# Proof of -b/2a

• Apr 4th 2013, 12:55 AM
Paze
Proof of -b/2a
Can someone provide me with proof on the little formula $\frac{-b}{2a}$ used to find the mid-point on a second degree polynomial graph?
• Apr 4th 2013, 01:10 AM
Prove It
Re: Proof of -b/2a
Every quadratic function of the form $\displaystyle y=a\,x^2 + b\,x + c$ will have a y-intercept where x = 0. There are two possibilities.

The first is that the y-intercept is the turning point. If this is the case, the turning point is at (0, c). It is also well known that if the turning point is on the y-axis, that b = 0. So that would mean $\displaystyle -\frac{b}{2a} = 0$ as well and therefore works as a formula for finding the turning point when the turning point is on the y-axis.

The second case is where the y-intercept is not the turning point. We know that the graph of a quadratic is symmetric. Since the turning point is not on the y-axis, that means there will be a second point which has the same y-value of c. If we average these x-values, we will get the axis of symmetry / x-coordinate of the turning point.

\displaystyle \begin{align*} c &= a\,x^2 + b\,x + c \\ 0 &= a\,x^2 + b\,x \\ 0 &= x\left( a\,x + b \right) \\ x = 0 \textrm{ or } x &= -\frac{b}{a} \end{align*}

So the axis of symmetry will be the average of these two points due to the symmetry of the graph. Averaging these we find

\displaystyle \begin{align*} x &= \frac{-\frac{b}{a} + 0}{2} \\ &= -\frac{b}{2a} \end{align*}

So this means that we can always find the axis of symmetry of a quadratic of the form $\displaystyle y = a\,x^2 + b\,x + c$ using $\displaystyle x = -\frac{b}{2a}$.
• Apr 4th 2013, 01:13 AM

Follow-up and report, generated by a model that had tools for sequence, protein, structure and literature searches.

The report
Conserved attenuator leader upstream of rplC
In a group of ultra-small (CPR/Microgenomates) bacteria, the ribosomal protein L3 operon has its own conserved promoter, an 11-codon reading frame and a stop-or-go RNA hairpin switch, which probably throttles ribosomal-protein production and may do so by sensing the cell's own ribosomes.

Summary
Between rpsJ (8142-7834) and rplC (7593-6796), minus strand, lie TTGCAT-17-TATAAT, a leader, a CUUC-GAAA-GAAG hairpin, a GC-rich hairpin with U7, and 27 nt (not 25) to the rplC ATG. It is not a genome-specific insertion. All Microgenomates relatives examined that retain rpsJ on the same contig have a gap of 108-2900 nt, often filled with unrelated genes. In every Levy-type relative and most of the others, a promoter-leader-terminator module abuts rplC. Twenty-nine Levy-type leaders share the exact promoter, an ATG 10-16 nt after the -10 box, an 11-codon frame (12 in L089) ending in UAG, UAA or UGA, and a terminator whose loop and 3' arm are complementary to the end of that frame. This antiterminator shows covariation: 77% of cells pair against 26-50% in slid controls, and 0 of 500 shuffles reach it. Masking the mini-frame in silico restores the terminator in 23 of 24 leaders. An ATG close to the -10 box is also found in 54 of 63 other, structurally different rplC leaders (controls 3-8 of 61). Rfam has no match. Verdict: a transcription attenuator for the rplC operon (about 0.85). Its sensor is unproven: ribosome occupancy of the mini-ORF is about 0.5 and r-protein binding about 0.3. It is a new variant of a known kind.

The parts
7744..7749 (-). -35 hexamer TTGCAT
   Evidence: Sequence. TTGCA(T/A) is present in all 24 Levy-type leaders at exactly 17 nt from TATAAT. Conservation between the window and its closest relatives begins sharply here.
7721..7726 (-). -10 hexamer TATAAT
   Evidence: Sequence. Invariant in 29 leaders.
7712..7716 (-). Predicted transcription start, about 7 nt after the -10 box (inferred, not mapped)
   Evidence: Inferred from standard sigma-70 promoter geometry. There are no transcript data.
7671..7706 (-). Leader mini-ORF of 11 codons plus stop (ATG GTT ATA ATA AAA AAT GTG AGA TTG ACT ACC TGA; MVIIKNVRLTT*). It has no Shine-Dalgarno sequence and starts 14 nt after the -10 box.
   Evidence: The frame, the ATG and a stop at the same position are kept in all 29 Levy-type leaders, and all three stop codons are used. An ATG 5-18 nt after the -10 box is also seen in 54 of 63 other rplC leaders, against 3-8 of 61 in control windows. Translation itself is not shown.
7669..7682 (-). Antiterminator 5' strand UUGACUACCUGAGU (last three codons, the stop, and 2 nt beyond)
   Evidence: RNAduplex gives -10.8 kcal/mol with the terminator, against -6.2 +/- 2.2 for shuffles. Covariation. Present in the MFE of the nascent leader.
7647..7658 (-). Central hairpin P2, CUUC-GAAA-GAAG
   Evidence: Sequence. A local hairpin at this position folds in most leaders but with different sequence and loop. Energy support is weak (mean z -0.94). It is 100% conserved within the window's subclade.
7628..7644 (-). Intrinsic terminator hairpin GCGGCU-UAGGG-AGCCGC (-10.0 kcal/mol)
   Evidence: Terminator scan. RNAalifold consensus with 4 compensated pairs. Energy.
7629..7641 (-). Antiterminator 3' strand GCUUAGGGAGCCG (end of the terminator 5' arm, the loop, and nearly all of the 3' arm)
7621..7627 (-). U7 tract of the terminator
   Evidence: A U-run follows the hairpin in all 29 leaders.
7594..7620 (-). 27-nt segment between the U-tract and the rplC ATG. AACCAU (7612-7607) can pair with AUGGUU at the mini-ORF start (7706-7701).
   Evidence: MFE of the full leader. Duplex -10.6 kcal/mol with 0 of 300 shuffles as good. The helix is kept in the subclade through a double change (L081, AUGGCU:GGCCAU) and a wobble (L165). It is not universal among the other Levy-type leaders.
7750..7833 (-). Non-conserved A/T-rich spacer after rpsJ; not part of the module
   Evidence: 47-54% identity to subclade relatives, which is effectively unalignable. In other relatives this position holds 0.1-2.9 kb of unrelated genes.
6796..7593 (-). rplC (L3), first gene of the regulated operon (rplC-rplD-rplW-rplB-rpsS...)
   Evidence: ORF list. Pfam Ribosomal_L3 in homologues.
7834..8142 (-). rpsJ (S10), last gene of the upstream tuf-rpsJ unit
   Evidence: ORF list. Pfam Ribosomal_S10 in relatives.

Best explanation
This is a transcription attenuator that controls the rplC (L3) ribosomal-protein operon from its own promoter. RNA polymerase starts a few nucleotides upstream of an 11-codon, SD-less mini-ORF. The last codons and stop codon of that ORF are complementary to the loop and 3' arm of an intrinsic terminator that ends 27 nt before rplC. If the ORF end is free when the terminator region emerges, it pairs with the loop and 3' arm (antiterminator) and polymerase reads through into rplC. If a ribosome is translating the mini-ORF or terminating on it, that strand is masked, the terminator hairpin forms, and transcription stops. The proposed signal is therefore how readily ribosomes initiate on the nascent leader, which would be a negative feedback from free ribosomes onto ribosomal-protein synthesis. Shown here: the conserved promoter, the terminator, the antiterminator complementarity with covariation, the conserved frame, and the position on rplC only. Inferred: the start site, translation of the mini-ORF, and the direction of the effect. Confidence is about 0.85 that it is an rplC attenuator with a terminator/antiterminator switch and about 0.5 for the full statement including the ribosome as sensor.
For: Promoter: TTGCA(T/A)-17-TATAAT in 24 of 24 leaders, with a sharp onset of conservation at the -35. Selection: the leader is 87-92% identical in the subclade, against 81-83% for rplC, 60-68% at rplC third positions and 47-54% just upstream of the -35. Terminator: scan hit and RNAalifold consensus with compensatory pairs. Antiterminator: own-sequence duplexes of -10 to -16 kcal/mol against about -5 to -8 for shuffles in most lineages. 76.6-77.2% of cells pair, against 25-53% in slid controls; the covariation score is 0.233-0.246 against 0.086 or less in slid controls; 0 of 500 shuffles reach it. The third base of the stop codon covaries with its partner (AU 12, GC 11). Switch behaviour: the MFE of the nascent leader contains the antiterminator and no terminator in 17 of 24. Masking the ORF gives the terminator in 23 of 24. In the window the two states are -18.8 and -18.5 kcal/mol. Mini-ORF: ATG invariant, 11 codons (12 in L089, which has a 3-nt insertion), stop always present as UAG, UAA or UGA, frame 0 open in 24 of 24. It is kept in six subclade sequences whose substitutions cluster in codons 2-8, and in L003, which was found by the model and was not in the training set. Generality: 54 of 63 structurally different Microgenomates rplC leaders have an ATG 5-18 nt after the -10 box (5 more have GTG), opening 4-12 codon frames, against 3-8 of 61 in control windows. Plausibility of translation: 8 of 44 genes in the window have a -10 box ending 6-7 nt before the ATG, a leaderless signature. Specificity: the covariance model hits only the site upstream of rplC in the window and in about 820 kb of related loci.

Paze
Re: Proof of -b/2a
Thanks, Prove It!
• Apr 4th 2013, 01:24 AM
SworD
Re: Proof of -b/2a
Alternately, the turning point is where the derivative is zero;

$\frac{d}{dx} (ax^2+bx+c) = 2ax + b$

$2ax + b = 0$ leads to

$x = -\frac{b}{2a}$
• Apr 4th 2013, 06:50 AM
Henderson
Re: Proof of -b/2a
Knowing that the parabola is symmetric about the vertical line through that turning point, you could say that the x-value must be the average of the two roots of the equation. If you know the quadratic formula for finding those roots:
$x = \frac{-b \pm \sqrt{b^2 - 4ac}}{2a}$,

then it is easier to see that the symmetric line would be at $x = \frac{-b}{2a}$, since from there you either add or subtract the same amount $(\frac{\sqrt{b^2 - 4ac}}{2a})$ to get to the roots.
• Apr 5th 2013, 07:49 AM
Prove It
Re: Proof of -b/2a
Quote:

Originally Posted by Henderson
Knowing that the parabola is symmetric about the vertical line through that turning point, you could say that the x-value must be the average of the two roots of the equation. If you know the quadratic formula for finding those roots:
$x = \frac{-b \pm \sqrt{b^2 - 4ac}}{2a}$,

then it is easier to see that the symmetric line would be at $x = \frac{-b}{2a}$, since from there you either add or subtract the same amount $(\frac{\sqrt{b^2 - 4ac}}{2a})$ to get to the roots.

Assuming of course that your equation HAS roots...